In Malaysia, these trends are underscored by perceptions of income stagnation and rising costs of living. The Department of Statistics Malaysia’s (DOSM’s) most recent Household Income and Basic Amenities Survey reported the median monthly income in the country as RM5,228 in 2016, growing at a rate of 6.6% per annum.
The Consumer Price Index (CPI), meanwhile, has grown at an average of 2.5% year-on-year (YoY), with an increase of 1.1% YoY in October. The disconnect between real and perceived inflation is explained by BNM as a function of frequency and memory bias.
Regardless, with the benchmark for affordability set by US-based consultancy Demographia International as three times the annual household income, this means that the price ceiling for affordable housing was about RM188,208 in 2016. Today, this figure has been reported at RM282,000, while the average price for newly launched houses was RM417,262.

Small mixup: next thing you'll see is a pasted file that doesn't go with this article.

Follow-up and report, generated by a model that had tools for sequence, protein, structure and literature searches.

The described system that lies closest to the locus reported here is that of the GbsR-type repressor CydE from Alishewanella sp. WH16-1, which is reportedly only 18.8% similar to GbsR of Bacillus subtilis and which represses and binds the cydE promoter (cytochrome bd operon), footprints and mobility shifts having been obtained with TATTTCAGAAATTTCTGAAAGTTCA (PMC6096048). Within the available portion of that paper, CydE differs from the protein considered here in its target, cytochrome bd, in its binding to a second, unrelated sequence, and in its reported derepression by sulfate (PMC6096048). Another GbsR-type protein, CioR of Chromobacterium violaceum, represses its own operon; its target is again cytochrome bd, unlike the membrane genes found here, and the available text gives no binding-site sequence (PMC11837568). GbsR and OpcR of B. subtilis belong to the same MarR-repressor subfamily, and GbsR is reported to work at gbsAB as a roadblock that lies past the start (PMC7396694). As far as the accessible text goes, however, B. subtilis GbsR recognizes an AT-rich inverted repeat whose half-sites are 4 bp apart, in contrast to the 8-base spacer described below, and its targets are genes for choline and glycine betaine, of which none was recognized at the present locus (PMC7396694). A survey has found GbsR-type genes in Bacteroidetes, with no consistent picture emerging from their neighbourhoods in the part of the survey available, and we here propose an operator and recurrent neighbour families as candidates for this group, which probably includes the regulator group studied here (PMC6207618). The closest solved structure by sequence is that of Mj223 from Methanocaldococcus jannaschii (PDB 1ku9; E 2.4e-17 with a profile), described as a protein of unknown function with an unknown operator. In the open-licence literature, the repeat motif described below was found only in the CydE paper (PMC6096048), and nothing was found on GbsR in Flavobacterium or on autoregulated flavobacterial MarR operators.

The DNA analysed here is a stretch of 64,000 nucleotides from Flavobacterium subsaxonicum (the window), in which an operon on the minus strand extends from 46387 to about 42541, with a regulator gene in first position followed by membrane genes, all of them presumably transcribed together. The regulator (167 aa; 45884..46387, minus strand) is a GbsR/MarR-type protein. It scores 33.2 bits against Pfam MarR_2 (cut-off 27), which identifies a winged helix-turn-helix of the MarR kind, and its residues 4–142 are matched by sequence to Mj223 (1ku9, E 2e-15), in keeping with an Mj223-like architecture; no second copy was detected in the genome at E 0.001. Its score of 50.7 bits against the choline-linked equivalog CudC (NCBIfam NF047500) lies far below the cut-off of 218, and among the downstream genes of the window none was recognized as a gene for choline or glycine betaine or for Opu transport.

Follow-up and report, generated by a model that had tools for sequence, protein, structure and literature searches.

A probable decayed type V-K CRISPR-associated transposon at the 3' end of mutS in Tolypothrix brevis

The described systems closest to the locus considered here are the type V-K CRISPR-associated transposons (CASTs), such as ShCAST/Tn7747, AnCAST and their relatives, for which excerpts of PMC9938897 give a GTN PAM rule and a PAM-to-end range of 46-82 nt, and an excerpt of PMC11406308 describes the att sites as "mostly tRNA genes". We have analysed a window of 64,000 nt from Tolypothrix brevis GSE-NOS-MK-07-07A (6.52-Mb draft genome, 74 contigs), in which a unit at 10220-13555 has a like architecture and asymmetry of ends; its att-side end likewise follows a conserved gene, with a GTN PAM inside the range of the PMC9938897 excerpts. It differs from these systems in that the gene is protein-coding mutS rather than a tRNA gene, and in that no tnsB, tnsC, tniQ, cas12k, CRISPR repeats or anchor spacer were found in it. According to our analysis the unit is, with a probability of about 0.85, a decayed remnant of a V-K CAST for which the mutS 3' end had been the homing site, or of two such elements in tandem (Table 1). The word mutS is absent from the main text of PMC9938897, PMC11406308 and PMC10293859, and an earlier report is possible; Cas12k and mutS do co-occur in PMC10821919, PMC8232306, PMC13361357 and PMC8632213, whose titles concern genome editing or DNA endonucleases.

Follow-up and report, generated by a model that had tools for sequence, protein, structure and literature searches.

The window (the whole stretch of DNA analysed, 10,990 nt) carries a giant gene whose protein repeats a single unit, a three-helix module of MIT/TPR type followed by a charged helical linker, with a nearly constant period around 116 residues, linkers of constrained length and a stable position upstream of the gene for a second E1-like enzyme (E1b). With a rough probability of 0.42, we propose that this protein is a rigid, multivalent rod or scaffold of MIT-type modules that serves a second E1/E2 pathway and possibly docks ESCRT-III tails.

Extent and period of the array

Property provisions in Budget 2020
This disparity accounts for affordability and loan financing challenges for Malaysians, as home seekers cannot afford properties or the loans required to purchase them. There is also the demand-supply imbalance in the market, as developers gravitate towards the higher margins for luxury and high-end launches.
“The pressures driving these issues are complex and interrelated, and have been building for decades, leading to calls from some quarters for a fundamental restructure of the property industry in Malaysia. Budget 2020 has taken several steps towards addressing this, through both interim and long-term measures,” says Fernandez.